Back at it.
Payson resident Honey Albrecht couldn’t wait to get back in action after COVID-19 canceled last year’s big race.
Albrecht, 61, the manager at Rim Runners in Payson, was one of 49 ultra runners who signed up to compete in last month’s 31st Zane Grey Highline Trail Endurance Run.
She is the oldest woman finisher in the history of the 50-mile race that starts at the Pine Trailhead and ends at the 260 Trailhead near Christopher Creek.
“I’m 61 and there’s a couple of women 57 years old that ran it in the past,” she said. “I’m the only idiot that keeps running it.”
Well, the person she calls an “idiot” is someone who’s been inspiring other distance runners for years.
Her 14 finishes in about 17 entries in the race is another record for women.
She’s just one of the avid ultra runners who travel to Rim Country for the race. Most come from outside of Arizona for one of the most difficult 50-mile races in the country. But COVID-19 restrictions led to the field being narrowed from more than 100 participants most years. Race officials took more Arizona participants this year, asking people not to travel from out of state because of the restrictions. Only 23 of the 49 runners who started this year’s race were from out of state, with 26 from Arizona.
Only six of the 17 participants for the first race in 1990 finished.
The race had an average finishing rate of 71% according to Wikipedia after the 2019 race, making it one of the more difficult 50-mile ultra marathons in the country.
Forty-two of the 47 who started the race this year finished, including Albrecht, who crossed in 12 hours 22 minutes and 04 seconds.
Runners climb more than 10,000 feet and descend more than 9,000 feet during the race.
“It’s just so pretty, so rugged, so beautiful,” she said. “It’s in Arizona and I’m a native of Arizona. I love that race. It’s kind of a love-hate relationship.”
Race director Joe Galope plans to expand the race from 50 miles to 100 kilometers (62.2 miles). That was to happen last year before the race was canceled and it just wasn’t logistically possible this year. So, the plan is to change the distance for the 2022 event.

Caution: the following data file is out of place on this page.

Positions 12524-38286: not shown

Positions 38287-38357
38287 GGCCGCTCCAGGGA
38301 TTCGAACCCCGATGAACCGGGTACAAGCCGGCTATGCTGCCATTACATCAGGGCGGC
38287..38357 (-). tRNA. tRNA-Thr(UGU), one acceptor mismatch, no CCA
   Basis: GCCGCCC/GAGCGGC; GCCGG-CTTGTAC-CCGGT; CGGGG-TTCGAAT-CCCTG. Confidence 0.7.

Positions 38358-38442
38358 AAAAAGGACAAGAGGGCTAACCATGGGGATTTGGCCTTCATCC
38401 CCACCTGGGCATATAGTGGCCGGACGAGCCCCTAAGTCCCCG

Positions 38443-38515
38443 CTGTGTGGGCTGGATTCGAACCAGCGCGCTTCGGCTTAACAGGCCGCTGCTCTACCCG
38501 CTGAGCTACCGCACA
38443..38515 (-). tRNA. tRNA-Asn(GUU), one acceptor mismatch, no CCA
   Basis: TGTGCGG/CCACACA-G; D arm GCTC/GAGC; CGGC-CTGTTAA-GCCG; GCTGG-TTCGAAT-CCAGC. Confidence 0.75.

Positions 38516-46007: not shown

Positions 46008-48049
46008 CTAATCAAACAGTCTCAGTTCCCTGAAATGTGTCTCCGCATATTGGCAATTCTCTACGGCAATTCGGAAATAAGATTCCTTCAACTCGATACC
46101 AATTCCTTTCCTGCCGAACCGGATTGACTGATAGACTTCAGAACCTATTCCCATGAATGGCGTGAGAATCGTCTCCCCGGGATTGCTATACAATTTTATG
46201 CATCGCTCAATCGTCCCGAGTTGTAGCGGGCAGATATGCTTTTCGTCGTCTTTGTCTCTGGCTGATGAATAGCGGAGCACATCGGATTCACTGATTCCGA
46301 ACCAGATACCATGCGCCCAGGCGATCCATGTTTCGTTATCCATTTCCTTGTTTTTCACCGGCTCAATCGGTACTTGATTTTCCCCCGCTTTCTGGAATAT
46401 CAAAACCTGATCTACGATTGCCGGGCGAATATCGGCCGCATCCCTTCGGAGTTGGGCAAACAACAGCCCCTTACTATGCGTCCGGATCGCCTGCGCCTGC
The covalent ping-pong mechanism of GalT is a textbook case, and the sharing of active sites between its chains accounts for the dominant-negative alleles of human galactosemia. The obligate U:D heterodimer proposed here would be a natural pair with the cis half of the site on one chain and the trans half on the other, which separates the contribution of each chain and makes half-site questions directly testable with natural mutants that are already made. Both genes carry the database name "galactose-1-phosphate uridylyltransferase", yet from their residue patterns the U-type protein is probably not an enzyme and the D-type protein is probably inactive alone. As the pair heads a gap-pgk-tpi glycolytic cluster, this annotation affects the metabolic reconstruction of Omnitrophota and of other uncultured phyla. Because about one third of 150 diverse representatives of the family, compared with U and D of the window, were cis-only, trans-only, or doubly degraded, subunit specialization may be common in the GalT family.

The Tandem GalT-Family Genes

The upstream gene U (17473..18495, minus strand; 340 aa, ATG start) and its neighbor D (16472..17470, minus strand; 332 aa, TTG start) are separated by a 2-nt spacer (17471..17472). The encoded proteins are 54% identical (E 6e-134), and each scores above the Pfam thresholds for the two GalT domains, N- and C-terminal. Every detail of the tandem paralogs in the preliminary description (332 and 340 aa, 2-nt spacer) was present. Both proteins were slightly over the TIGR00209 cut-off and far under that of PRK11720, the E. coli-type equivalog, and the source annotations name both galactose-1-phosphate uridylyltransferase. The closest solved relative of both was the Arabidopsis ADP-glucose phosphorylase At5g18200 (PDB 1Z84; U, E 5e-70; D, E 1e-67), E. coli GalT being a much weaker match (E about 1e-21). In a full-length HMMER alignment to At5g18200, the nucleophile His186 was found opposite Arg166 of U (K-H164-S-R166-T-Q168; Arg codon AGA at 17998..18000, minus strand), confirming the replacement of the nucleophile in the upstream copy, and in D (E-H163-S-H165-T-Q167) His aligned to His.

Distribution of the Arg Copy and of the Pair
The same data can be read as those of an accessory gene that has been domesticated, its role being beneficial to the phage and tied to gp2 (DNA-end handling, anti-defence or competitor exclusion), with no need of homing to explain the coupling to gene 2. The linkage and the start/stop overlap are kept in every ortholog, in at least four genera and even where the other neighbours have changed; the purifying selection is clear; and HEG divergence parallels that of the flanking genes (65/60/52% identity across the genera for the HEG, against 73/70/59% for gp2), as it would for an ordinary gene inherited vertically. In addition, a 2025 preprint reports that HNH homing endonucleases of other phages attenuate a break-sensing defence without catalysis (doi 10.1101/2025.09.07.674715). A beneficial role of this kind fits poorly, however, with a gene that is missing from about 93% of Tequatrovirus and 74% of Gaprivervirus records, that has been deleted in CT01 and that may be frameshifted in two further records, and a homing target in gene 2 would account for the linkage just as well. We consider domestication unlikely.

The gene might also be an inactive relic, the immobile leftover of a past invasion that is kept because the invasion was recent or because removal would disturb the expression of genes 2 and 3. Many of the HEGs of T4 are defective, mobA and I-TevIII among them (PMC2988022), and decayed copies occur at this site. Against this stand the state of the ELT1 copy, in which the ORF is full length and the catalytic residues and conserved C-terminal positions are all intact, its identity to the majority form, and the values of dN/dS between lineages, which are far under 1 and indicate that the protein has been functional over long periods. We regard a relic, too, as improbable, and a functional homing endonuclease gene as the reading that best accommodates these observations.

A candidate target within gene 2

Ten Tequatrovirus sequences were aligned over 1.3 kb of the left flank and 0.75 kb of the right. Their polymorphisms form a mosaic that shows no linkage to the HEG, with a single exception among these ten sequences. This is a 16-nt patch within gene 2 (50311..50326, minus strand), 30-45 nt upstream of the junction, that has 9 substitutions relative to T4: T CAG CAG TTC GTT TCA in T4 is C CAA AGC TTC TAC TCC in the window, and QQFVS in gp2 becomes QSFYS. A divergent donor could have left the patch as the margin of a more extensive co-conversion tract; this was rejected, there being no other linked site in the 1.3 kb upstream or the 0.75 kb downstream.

The number of participants dropped from 128 in 2019 to 49 this year because of COVID-19 restrictions.“
Albrecht plans to compete in the new Pinal Peak 50K in Globe on May 29. She’s stayed active competing in several ultra races over the last 12 months.
“This year I’ve done more than I normally do to just taking advantage of feeling good,” she said. “Coming up next week will be my fourth ultra in a calendar year.”
She’s training for the Mogollon Monster 100-Mile Race in September, which also begins at the Pine Trailhead. She last finished that one in 2018.
She’s pleased with her effort in the most recent race.
“It actually went really good,” she said. “I took almost an hour off my time from the last time I ran it, which is crazy. I think the last time I did it was 2019. It went surprisingly well.”
She enjoyed the conditions.
“It was perfect weather,” she said. “Some people thought it was warm but I thought it was beautiful.”
Galope has served as race director for the Zane Grey Highline Trail Endurance Run since 2009. He hopes to get back to a larger field of participants next year.
“To put on an event like this with such small numbers is not sustainable,” he said. “We did it for the participants. But people are so tired of not being able to do an event, (so) that’s why we put it on but hopefully we’ll be back to normal next year.”
Charlie Ware of Tucson, 35, won the race in 7 hours 47 minutes and 42 seconds. He held more than a one-hour cushion over runner-up Seth Rutt, 34, of Jackson, Wyo., who finished in 8:50.21.